Jola, C., & Reason, M. (2016). Audiences’ Experience of Proximity and Co-Presence in live Dance Performance. In C. Falletti, G. Sofia and V. Jacono (Eds.) Theatre and Cognitive Neuroscience. Edition Performance and Science: Interdisciplinary Dialogues, p. 75-92. London/NY: Bloomsbury Methuen Drama.

2015

Christensen, J. F. & Jola, C. (2015). Towards Ecological Validity in the Research on Cognitive and Neural Processes Involved in Dance Appreciation. In M. Nadal, J. P. Huston, L. Agnati, F. Mora, and C. J. Cela-Conde (Eds). Art, Aesthetics, and the Brain. Chapter 12, pp. 223 - 253. Oxford University Press. 

2013

Jola, C. (2013). Do you feel the same way too? Gabriele Brandstetter, Gerko Egert, Sabine Zubarik (Eds). Touching and to be touched. Kinesthesia and Empathy in Dance. DeGruyter: Berlin.

2012

Pollick, F. E., Jola, C., Petrini, K., McKay, L. S., McAleer, Ph., Jang, S. H., MacLeod, Chr., & Simmons, D. (2012) Experience and the perception of biological motion. Chapter 9, Part 3: Perception and Indivicual Differences, in K. L., Johnson, & M. Shiffrar (Eds). People Watching. pp 139-158. Oxford University Press. 

2011

Jola, C., Pollick, F. E., & Reynolds, D. (2011) Editors of special issue ’Dance and neuroscience: New Partnerships’ in Dance Research Electronic. 29.2

2010

Jola, C. (2010) Research and choreography – merging dance and cognitive neuroscience. In B. Bläsing, M. Puttke, & Th. Schack (Eds.), The neurocognition of dance. Mind, movement and motor skills (pp. 203-234). Psychology Press: Hove, UK.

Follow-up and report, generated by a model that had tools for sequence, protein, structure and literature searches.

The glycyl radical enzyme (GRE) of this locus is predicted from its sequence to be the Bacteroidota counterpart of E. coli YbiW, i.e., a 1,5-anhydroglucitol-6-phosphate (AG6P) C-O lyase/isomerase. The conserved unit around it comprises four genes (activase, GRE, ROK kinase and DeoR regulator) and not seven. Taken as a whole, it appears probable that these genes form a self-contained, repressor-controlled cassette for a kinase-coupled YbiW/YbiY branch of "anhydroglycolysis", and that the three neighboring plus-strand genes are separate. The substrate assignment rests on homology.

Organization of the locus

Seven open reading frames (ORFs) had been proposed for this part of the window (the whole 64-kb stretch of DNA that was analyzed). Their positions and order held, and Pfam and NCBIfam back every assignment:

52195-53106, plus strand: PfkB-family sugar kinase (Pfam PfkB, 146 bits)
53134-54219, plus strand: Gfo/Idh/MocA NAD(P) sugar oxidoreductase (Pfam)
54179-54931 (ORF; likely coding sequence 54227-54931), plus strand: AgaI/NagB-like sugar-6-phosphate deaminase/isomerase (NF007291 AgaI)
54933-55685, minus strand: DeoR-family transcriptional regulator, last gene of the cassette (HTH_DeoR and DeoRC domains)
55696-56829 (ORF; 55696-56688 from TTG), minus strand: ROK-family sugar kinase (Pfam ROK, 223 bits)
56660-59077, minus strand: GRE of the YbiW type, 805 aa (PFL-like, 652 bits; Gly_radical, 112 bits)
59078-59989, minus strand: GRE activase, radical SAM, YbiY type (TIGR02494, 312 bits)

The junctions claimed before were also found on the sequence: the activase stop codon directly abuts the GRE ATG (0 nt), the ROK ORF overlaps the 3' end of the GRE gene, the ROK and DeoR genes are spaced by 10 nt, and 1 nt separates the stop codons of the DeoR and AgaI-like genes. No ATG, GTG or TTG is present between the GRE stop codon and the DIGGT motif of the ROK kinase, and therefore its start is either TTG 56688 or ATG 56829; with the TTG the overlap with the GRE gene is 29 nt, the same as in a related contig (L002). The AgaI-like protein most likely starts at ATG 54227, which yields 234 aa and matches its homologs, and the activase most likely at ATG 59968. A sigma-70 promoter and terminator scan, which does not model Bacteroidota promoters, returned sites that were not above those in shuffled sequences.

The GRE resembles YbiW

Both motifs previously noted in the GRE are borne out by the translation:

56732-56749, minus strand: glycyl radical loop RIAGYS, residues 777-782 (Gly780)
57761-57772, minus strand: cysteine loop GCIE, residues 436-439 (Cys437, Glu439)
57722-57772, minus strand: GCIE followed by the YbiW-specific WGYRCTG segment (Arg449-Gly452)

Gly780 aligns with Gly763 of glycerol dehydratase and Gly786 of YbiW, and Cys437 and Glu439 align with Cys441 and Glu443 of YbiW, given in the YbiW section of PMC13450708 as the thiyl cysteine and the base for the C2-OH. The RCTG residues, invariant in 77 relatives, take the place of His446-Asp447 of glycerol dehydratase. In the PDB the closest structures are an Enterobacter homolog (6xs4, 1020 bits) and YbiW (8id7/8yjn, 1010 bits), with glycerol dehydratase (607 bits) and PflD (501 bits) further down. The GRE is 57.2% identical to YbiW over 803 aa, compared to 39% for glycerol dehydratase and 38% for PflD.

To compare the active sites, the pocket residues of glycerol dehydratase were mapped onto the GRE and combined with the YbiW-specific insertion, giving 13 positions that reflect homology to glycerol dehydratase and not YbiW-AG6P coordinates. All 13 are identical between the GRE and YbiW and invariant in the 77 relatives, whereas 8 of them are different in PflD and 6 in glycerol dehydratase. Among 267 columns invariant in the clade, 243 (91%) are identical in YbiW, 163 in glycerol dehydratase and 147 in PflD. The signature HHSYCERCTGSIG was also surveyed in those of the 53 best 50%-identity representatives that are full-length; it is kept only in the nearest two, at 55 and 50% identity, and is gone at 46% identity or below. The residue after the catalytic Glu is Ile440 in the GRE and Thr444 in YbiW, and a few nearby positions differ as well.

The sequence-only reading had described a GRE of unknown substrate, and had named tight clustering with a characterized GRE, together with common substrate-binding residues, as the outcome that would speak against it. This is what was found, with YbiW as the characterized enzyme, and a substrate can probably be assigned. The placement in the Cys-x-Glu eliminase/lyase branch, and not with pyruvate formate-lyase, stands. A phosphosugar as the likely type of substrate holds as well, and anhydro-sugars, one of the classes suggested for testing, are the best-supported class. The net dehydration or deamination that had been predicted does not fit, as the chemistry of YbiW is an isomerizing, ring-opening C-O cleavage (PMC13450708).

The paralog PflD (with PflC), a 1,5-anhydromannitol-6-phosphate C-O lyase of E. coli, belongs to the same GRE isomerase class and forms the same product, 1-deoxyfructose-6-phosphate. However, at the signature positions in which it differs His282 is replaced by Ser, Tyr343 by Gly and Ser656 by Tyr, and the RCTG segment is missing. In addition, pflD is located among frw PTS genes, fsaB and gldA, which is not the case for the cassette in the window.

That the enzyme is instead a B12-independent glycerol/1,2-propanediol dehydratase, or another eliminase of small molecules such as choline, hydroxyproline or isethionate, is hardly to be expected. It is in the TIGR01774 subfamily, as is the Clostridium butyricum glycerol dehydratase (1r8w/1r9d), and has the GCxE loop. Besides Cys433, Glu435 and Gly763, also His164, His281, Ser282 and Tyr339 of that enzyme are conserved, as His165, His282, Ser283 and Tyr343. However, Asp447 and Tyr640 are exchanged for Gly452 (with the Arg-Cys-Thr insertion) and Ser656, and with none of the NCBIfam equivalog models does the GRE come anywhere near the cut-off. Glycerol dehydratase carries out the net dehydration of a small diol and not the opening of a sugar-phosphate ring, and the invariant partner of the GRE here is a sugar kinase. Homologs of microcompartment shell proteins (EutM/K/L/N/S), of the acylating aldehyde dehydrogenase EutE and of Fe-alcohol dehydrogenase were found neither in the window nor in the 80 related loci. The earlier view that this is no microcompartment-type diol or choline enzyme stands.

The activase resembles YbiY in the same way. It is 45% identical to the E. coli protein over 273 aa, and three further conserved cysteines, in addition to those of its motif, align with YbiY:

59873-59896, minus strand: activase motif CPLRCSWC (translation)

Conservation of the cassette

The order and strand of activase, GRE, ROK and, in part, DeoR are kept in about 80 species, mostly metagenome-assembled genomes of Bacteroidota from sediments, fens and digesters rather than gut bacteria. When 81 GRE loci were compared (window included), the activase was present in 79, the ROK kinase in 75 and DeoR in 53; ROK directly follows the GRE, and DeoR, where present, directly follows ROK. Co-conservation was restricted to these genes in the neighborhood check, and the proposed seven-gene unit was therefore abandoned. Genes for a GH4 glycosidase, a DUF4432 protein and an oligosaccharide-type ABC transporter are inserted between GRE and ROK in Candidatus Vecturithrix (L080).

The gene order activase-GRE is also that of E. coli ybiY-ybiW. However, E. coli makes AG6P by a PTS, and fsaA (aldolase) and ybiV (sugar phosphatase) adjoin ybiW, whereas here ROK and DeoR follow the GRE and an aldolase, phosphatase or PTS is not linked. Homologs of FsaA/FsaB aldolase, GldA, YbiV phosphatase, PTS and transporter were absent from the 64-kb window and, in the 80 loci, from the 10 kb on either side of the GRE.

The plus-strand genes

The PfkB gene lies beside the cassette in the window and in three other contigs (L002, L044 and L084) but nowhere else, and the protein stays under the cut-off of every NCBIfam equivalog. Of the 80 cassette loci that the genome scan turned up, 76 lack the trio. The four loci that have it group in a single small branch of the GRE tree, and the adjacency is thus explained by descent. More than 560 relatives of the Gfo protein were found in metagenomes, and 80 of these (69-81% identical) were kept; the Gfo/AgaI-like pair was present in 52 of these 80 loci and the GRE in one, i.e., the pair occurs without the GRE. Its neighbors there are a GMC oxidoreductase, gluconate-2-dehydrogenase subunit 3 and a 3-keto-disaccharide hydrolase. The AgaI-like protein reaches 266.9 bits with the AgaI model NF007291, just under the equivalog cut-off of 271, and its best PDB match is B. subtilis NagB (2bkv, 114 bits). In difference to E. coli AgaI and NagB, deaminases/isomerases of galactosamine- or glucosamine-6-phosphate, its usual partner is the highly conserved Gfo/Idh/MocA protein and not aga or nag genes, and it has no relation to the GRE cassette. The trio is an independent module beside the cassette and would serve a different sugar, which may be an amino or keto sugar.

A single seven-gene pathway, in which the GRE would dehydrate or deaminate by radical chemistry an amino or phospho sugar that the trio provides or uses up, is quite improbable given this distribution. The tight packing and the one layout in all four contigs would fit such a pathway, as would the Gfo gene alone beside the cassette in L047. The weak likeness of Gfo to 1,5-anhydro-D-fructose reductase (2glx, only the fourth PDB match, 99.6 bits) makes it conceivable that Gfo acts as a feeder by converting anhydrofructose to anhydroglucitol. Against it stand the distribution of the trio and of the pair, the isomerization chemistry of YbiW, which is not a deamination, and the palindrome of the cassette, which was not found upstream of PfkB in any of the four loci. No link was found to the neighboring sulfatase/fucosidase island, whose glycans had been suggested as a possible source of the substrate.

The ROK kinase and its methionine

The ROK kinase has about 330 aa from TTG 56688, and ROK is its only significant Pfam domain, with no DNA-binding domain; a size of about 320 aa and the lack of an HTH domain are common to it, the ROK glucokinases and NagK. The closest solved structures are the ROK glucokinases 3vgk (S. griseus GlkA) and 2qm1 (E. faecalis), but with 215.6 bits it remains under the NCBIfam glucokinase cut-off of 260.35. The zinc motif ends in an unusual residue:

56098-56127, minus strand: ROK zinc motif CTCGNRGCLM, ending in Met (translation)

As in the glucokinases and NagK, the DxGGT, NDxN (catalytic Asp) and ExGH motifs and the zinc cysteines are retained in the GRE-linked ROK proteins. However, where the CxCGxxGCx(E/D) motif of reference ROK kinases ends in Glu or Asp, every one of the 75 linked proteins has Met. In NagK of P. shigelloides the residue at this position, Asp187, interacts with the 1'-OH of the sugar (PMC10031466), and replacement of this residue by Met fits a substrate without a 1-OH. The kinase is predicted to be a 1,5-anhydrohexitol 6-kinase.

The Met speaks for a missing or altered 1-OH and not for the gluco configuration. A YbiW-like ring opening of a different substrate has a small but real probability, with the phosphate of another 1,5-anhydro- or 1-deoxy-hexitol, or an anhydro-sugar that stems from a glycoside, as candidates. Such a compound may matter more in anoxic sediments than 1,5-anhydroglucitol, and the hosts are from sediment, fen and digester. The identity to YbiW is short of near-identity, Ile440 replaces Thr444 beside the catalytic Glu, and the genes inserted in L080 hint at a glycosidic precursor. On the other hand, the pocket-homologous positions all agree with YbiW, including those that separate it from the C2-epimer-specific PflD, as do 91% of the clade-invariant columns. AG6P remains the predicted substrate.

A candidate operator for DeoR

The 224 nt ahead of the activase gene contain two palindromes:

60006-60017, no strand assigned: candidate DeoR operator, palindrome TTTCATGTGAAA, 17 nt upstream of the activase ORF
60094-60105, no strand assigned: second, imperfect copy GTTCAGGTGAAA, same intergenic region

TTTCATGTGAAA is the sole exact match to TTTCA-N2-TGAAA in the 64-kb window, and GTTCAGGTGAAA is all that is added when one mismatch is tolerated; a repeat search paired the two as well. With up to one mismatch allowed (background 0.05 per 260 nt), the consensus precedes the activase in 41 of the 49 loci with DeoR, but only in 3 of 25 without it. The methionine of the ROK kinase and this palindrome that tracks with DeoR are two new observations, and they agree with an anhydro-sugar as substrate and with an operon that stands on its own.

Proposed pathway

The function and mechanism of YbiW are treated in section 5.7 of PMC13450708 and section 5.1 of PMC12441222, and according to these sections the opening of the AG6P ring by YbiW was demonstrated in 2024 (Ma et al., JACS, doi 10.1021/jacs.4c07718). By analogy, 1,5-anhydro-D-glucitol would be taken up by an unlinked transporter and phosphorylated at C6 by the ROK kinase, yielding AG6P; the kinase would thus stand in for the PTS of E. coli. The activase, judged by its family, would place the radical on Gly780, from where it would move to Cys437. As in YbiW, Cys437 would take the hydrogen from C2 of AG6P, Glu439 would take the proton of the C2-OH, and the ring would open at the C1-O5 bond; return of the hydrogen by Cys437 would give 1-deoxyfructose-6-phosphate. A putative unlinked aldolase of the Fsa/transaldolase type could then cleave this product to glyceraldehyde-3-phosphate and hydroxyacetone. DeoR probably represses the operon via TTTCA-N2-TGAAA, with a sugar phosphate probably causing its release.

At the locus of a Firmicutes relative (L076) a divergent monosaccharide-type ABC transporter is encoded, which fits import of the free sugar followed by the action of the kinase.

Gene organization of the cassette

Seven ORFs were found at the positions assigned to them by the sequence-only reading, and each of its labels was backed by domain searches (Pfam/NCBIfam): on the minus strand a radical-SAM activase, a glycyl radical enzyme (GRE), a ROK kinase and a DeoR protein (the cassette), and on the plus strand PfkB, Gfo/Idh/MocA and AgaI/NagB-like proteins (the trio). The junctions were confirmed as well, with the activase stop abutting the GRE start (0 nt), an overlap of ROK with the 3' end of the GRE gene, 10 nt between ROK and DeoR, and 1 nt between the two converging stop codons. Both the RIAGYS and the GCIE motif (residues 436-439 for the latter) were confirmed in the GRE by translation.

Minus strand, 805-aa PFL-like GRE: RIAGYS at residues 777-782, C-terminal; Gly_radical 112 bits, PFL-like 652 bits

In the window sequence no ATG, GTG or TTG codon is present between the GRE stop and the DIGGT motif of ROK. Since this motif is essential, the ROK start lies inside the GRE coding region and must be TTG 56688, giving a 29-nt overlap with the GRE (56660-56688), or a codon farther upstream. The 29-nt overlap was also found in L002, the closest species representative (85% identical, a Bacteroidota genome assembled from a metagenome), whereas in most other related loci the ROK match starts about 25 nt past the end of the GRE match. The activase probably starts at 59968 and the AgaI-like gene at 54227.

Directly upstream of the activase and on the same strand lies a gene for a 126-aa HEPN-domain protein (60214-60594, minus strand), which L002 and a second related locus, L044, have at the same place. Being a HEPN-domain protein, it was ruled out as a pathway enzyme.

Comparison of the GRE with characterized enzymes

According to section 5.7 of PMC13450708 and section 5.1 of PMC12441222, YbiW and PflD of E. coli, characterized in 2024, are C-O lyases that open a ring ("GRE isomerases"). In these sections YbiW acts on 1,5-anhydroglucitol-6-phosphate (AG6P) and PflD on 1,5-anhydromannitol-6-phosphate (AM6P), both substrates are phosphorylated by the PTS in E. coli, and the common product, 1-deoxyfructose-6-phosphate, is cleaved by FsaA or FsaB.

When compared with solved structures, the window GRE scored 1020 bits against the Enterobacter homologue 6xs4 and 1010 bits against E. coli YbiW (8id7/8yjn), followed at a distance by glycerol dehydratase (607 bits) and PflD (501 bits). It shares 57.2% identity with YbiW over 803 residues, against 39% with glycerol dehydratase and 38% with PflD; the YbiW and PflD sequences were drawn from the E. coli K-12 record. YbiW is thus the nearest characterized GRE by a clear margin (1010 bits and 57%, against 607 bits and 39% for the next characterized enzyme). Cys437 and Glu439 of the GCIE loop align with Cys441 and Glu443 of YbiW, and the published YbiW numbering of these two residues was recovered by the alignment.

2008 and before

Jola, C. (2007). Movement intention: dialectic of internal and external movements – Reflections from cognitive neuroscience. In S. de Lahunta (Ed.), Capturing intention (pp. 62-67). Amsterdam: School of Arts.

Jola, C., & Mast, F. W. (2005). Dance images. Mental imagery processes in dance. In J. Birringer & J. Fenger (Vol. Eds.), Dance and cognition (Vol. 15, pp. 211-232). Münster, NRW, G: LIT.

More Information

Funding

GRANTS AWARDED / FUNDED RESEARCH

  • 2017-2019 Carasso Fondation (France) in collaboration with Fabrique Autonomes des Acteurs (project leader) and University of Rennes € 127’550.
  • 2018 ERASMUS Research Exchange to Netherlands Institute of Neuroscience. £ 3700
  • 2013-2014 Labex Arts-H2H (France). Project leader A.Bachrach. € 43’869 (2013); total (3 years) € 157’520 (yearly re-submission required).
  • 2012 Santander fund (UK) £ 2’000.
  • 2011 Pump Priming fund (UK) University of Surrey, £ 6’000.
  • 2008 Rebekka Skelton Foundation (UK) £ 600.
  • 2004-2006 Research Fellowship from the Swiss National Science Foundation (SNSF) CHF 94’800.
  • 1997-1998 German Association for Academic Exchange (DAAD) 12’000 DM.

Outreach

My research findings on the effects of visual expertise on motor simulation when watching dance has attracted much attention in the wider public. Numerious interviews have been published internationally (i.e. The New York Times, Radio Germany) and my research has been featured in a documentary French-Taiwanese co-production (the Taiwanese version is on youtube here).

Through my work as a choreographer, my scientific research also transpires into the artistic world of dance. I enjoy very much interacting with inquiring minds from a variety of backgrounds. For more details on my artistic works see www.CoCoDanse.com

Recently, Lynn Parker and I participated in the Dundee Park Festival organised by the Scottish Dance Theatre with an interactive dance installation "Everybody Moves". 

Scientific presentations and other interviews that are freely accessible online: 

 

 

 

 

Meet the rest of the team

Ms Michele Schubiger

Ms Michele Schubiger

Division of Psychology | Research Fellow

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Dr Kenneth Scott-Brown

Dr Kenneth Scott-Brown

Division of Psychology | Senior Lecturer